The report faulted Facebook for not investing more in fighting organized hate against Muslims and Jews, inadequately policing political speech, and failing to root out many strains of white nationalist activity. The lack of progress on these and other issues "provokes legitimate questions about Facebook's full-throated commitment" to addressing its problems, the auditors said, adding that Facebook's progress "could be obscured by the vexing and heartbreaking decisions Facebook has made that represent significant setbacks for civil rights."

The auditors took issue with what it called Mr. Zuckerberg's adherence "to a particular definition of free expression, even where that has meant allowing harmful and divisive rhetoric that amplifies hate speech and threatens civil rights."

Facebook has extensive policies for handling objectionable content. It defines hate speech as attacks on people based on about a dozen "protected characteristics," including race, religious affiliation, and gender identity. Attacks include violent or dehumanizing speech, statements of inferiority, or calls for exclusion or segregation, it says.

The company also says it bars voter-suppression efforts, including content that distorts the dates or other details of votes and paid advertising that suggests voting is useless or meaningless.

Controversies sometimes center on determining whether specific posts violate those rules, which can be subjective.

The auditors said that Facebook has made some useful expansions to its hate-speech policies but still isn't working with a broad enough definition of harmful content. One specific request from civil-rights groups is to ban not simply overt praise for white nationalist entities and the use of established white nationalist slogans but also posts that contain the same messages phrased in different words.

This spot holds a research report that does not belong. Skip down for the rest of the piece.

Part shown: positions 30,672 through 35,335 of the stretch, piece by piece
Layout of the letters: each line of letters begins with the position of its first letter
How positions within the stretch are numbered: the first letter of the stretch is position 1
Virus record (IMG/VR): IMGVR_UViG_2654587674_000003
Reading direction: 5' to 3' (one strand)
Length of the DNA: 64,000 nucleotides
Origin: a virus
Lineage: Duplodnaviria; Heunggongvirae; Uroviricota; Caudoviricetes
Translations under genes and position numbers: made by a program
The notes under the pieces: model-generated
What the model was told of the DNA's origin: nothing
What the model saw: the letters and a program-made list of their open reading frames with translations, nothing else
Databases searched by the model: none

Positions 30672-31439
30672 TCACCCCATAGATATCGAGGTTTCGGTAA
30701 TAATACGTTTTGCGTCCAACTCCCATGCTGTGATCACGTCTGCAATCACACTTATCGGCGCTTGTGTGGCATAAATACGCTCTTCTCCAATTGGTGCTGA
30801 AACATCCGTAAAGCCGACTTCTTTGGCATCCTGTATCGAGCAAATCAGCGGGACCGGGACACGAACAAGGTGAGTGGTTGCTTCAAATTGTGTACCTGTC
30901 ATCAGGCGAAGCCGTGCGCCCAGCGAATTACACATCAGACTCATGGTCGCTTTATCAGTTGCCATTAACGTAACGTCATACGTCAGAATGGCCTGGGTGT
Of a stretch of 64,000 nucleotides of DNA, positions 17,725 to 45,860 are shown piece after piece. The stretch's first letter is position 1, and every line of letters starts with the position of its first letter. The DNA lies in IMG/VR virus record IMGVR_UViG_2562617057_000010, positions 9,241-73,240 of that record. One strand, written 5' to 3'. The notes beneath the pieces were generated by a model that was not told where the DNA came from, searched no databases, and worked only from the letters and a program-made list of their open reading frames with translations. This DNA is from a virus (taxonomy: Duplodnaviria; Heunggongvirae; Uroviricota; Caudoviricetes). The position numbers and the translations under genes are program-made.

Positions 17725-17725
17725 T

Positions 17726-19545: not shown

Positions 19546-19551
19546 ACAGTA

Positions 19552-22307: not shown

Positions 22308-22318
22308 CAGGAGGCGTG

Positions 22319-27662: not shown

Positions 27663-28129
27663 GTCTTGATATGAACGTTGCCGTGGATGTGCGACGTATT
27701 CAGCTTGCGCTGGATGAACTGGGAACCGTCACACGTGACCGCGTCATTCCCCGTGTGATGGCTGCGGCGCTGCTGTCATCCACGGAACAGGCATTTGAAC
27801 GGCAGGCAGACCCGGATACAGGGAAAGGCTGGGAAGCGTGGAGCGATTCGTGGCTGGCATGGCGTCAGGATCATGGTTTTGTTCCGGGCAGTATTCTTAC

The report calls out the company's choice not to take action against posts by President Trump that allegedly threatened violence or were allegedly meant to suppress voting. Mr. Zuckerberg had said he didn't think private companies should regulate political speech unless it was likely to undermine democratic participation or produce real-world violence.

More broadly, the auditors said Facebook "has failed to grasp the urgency" of the threat that voter-suppression efforts on its platform pose as the 2020 election approaches.

The report also said Facebook had been too quick to dismiss reporting by The Wall Street Journal in a May article that found the company had watered down or killed internal efforts to study and address ways in which its products encouraged divisiveness and polarization.

"The Auditors do not believe that Facebook is sufficiently attuned to the depth of concern on the issue of polarization and the way that the algorithms used by Facebook inadvertently fuel extreme and polarizing content," the report said.

The report ends a two-year review that Facebook commissioned of how it handles of civil-rights issues. Sheryl Sandberg, Facebook's chief operating officer, pledged to do more on civil-rights issues after the auditors released initial findings in December 2018 and an interim report a year ago.

Ms. Sandberg wrote Wednesday that Facebook would hire a civil-rights leader to help guide its efforts and consider other recommendations of the auditors.

"As hard as it has been to have our shortcomings exposed by experts, it has undoubtedly been a really important process for our company," she wrote.

Deepa Seetharaman contributed to this article.

Write to Jeff Horwitz at Jeff.Horwitz@wsj.com

 

(END) Dow Jones Newswires

July 08, 2020 20:11 ET (00:11 GMT)

Copyright (c) 2020 Dow Jones & Company, Inc.
Facebook (NASDAQ:FB)
Historical Stock Chart
From Jul 2020 to Aug 2020 Click Here for more Facebook Charts.
Facebook (NASDAQ:FB)
Historical Stock Chart
From Aug 2019 to Aug 2020 Click Here for more Facebook Charts.